After all the hype, Bitcoin’s value has shriveled
Did you get a stack of bitcoins for Christmas? Better spend them fast.
You remember bitcoin, the digital currency that was the talk of the tech industry last year. Bitcoin is issued by a private global network of computers, rather than by some government’s central bank. So it lets buyers and sellers bypass traditional banking systems and pay sharply lower fees for their transactions.
Not long ago, the bitcoin hype was inescapable. The value of a single bitcoin soared to over $1,000 by late 2013. In February, a Boston firm called LibertyX set up an ATM machine at South Station that spewed out bitcoins instead of paper bills. The following month, a search for bitcoin’s reclusive inventor made the cover of Newsweek.
But you haven’t read many cheerful bitcoin stories these past few months, because the value of the digital currency has shriveled. In late September, I signed up for Circle Internet Financial Ltd., a new Boston company that deals in bitcoins. Like all new customers, I got my first $10 worth for free. But being a thrifty soul, I didn’t spend the money. As of this week, my ten-spot was worth about $8.33. My bitcoins had lost 17 percent of their value just sitting there.
Lucky for me I hadn’t gotten the digital money back in January — bitcoins have lost two-thirds of their value since then. No wonder most sensible souls bailed out long ago.
But look who they’ve left behind. Boston-based entrepreneurs like Circle Internet founder Jeremy Allaire and the founders of LibertyX have kept right on investing in bitcoin businesses, convinced it’s just a matter of time before this new currency changes the world.
“Everyone is looking at this as the equivalent of the early days of the Web,” Allaire told me. He’s sure that in a few years people will be spending bitcoins as freely as we now count out $20 bills or transmit text messages. With bitcoin, buying and selling could become friction-free.
Remember when personal messages needed a postage stamp and an envelope and took three days to get there? Our financial transaction systems today are hardly better. When you buy something with a credit card, the merchant pays a fee of about 3 percent — which gets passed on to customers — and waits days to get his money. Or how about sending $500 to a relative in Acapulco? The first $7 of it goes to the Western Union money- transfer service.
This year, immigrants worldwide are expected to send $581 billion to friends and family back home, according to the World Bank, but 8 percent of it will be eaten up by fees.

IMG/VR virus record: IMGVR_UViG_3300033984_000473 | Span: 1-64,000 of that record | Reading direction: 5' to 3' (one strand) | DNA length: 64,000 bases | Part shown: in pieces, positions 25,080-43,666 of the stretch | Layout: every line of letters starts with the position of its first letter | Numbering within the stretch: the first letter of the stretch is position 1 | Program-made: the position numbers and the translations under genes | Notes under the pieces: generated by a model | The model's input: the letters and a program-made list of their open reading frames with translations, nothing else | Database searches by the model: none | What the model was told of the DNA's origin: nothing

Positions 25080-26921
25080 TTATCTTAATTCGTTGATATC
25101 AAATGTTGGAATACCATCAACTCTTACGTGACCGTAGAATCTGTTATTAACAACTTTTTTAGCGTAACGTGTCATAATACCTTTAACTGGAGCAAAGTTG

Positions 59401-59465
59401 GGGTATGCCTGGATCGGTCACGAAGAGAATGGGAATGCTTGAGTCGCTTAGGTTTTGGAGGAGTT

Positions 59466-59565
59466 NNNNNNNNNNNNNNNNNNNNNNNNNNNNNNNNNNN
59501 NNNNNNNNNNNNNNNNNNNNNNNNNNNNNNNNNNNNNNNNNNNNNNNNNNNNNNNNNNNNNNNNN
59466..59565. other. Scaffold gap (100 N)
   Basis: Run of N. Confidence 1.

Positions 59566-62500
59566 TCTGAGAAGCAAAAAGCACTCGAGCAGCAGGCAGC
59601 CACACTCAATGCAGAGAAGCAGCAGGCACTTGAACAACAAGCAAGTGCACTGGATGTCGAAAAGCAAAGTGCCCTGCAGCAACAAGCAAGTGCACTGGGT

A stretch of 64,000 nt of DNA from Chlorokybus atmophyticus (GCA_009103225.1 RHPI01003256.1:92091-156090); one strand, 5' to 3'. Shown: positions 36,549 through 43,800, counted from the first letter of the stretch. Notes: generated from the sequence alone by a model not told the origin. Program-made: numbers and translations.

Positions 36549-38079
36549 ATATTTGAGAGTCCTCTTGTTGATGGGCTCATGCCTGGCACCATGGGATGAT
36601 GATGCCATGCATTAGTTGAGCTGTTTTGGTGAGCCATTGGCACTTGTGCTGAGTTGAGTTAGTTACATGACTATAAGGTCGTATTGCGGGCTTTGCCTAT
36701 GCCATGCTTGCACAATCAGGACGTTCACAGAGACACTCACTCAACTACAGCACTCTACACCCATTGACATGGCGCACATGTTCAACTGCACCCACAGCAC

That’s $46 billion in financial friction. Some of this is regulatory cost, as governments try to prevent money laundering and defund terrorists. But much of it is needless waste, the financial equivalent of postage stamps and envelopes.
In a bitcoin world, money behaves more like e-mail. You can send a payment anywhere, instantly and inexpensively. The African bitcoin startup Bitpesa charges just 3 percent to send money to people in Kenya, much less than Western Union. A US retailer that accepts bitcoin payments gets its money immediately, with a 1 percent fee for converting the bitcoins to dollars. That’s one reason why some sizable companies now accept them as payment, including Dell, Microsoft, Dish Network, Overstock.com, and Expedia.
Even the rival payment service PayPal lets people use bitcoins to pay for digital downloads of things like video games.
Bitcoins may lose some of their value from day to day. But that’s not important if you hold them only long enough to conduct transactions. That’s basically Jeremy Allaire’s business model at Circle. You link Circle to a bank account. When you need bitcoins, you can buy them instantly at the going exchange rate, then spend them immediately.
Thanks to LibertyX, you can now buy bitcoins as easily as lottery tickets. It runs four bitcoin ATMs in Boston and Cambridge. And this month, LibertyX started over-the-counter bitcoin sales at 2,500 retail stores in the United States, including a dozen in Boston.
So while the speculators have fled bitcoin, Boston’s tech entrepreneurs are as committed to the concept as ever, and with good reason. It’s a lousy buy-and-hold investment, but bitcoin is still shaping up as a better way for people to spend money. Especially if we spend it fast.
Correction: An earlier version of this story had the incorrect date for when a Bitcoin ATM machine debuted in South Station.